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Question What is the difference in the RTG reading on conductive tile when normal adhesive were used instead of conductive adhesive? Our production floor is covered with static dissipative flooring. The RTG reading is 108 - 109 ohm, and it able to discharge the charge of kV to ground within 0.5 sec. The adhesive used was not conductive and no copper strip was used. How does the charge dissipate to ground? What are the consequences of not using copper strip when lying conductive tile and what are the RTG reading difference with and without copper strip? When I measured the RTG reading on the conductive floor with normal adhesive, the readings were within the specification and it was able to decay the charge within 0.5 sec. - Anonymous, Prai Penang, Malaysia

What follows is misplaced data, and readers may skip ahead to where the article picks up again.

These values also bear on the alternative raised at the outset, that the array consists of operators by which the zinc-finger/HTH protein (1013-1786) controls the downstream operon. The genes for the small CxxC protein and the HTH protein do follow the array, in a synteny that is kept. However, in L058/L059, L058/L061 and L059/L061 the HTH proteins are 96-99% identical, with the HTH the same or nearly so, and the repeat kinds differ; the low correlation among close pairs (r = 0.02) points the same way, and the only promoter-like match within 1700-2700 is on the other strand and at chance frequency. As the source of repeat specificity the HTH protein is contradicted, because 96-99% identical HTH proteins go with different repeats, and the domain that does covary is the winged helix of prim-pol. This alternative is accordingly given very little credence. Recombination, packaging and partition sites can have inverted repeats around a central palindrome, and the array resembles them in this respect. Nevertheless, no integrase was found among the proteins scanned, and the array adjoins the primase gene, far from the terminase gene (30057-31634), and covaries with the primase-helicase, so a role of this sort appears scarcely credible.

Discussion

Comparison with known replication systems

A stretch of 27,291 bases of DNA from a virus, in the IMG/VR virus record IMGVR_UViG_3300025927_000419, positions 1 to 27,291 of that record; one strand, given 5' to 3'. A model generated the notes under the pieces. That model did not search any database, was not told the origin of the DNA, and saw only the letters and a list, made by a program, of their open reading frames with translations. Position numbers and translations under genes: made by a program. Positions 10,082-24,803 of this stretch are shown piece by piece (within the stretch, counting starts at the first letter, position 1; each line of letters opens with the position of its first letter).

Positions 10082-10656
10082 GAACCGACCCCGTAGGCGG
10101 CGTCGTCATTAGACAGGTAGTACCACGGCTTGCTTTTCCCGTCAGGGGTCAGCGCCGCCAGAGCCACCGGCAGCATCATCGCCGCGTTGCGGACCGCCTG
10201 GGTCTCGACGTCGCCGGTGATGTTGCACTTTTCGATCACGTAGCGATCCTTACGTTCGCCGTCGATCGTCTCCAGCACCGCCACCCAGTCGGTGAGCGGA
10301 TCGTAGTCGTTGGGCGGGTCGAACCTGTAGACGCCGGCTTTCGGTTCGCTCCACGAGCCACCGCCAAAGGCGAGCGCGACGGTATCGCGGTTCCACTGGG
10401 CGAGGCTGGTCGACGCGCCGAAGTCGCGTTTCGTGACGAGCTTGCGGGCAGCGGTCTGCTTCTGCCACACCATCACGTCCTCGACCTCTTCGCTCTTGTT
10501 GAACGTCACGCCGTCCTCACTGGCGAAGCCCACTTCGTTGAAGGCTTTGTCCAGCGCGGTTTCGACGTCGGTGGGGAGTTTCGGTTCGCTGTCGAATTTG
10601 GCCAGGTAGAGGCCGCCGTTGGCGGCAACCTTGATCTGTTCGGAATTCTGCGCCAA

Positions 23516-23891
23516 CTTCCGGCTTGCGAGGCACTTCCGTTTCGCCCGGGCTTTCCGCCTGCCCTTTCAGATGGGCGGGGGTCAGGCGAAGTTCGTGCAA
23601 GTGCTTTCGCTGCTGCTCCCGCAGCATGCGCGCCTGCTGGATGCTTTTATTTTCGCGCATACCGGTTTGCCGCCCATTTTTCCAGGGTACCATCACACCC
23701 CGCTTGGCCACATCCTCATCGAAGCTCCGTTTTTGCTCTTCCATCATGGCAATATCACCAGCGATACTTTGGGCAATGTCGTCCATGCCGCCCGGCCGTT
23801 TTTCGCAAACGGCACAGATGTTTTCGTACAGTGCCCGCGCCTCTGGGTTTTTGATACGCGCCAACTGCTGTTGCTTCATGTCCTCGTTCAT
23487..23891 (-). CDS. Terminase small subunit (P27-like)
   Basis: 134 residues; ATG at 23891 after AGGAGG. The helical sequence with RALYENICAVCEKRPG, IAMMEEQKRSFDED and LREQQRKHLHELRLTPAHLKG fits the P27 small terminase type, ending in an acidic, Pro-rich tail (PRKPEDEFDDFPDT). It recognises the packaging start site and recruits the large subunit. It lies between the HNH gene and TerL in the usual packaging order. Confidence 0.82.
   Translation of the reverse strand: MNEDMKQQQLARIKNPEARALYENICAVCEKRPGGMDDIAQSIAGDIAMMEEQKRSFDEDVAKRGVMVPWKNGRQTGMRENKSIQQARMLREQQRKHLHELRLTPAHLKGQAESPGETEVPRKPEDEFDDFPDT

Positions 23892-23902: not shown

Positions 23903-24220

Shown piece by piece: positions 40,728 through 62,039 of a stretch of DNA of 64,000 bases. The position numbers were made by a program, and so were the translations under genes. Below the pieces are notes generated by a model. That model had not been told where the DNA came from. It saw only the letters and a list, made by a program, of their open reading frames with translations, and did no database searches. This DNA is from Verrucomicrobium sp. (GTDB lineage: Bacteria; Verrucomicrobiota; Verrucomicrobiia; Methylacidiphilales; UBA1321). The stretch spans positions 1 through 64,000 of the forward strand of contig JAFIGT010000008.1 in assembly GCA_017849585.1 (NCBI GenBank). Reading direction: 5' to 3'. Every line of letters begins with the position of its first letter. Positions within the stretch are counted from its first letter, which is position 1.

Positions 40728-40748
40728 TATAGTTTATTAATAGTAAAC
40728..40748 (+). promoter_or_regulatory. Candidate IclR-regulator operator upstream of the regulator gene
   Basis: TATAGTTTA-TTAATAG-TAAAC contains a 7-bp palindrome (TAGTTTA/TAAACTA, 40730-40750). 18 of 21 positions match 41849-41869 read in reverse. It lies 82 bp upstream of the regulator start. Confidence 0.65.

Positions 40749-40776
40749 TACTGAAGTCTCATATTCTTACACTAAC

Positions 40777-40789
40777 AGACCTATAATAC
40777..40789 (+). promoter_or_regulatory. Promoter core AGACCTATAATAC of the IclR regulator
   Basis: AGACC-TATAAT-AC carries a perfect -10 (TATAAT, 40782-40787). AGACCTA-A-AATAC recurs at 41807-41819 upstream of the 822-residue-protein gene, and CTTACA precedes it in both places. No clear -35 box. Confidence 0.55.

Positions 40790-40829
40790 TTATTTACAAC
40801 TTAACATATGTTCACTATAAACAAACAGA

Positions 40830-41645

Answer The RTG will be into the upper ranges of dissipative but more important you would have to assure that each tile had continuity to the next to make contact to ground. There is a chance that, depending on the type of tiles (manufacturer) that electrical contact is made mechanically by direct contact of adjacent tiles, but a conductive substrate would ensure continuous electrical contact with the floor system. Need to know the type of flooring. A poured floor would be dissipative as would a linoleum type of flooring. If dissipative tiling was used then there might be a problem of electrical consistency, again, depending on the manufacturer of the tile. The charge dissipation to ground is attained by several ways: (1) by having over 100 square feet of dissipative floor surface, the floor becomes a natural ground (like a HUGE capacitor) and will dissipate the charge imbalance throughout the whole floor surface, yielding a minimum (almost zero volt) potential (2) the floor may come into contact with water pipes, metal grounded desk/workbench legs, electrical conduit, metal posts or columns tied as in infrastructure to the building and consequently ground, etc. The strip assures a positive ground. Copper can oxidize so we suggest a non-woven conductive strip or tinned copper tape. Depending on the floor’s other non-obvious paths to ground and connection to the building’s substructure, the RTG may by the same or higher than with a positive grounded floor. Again, if the floor was one piece you could get the readings you report.
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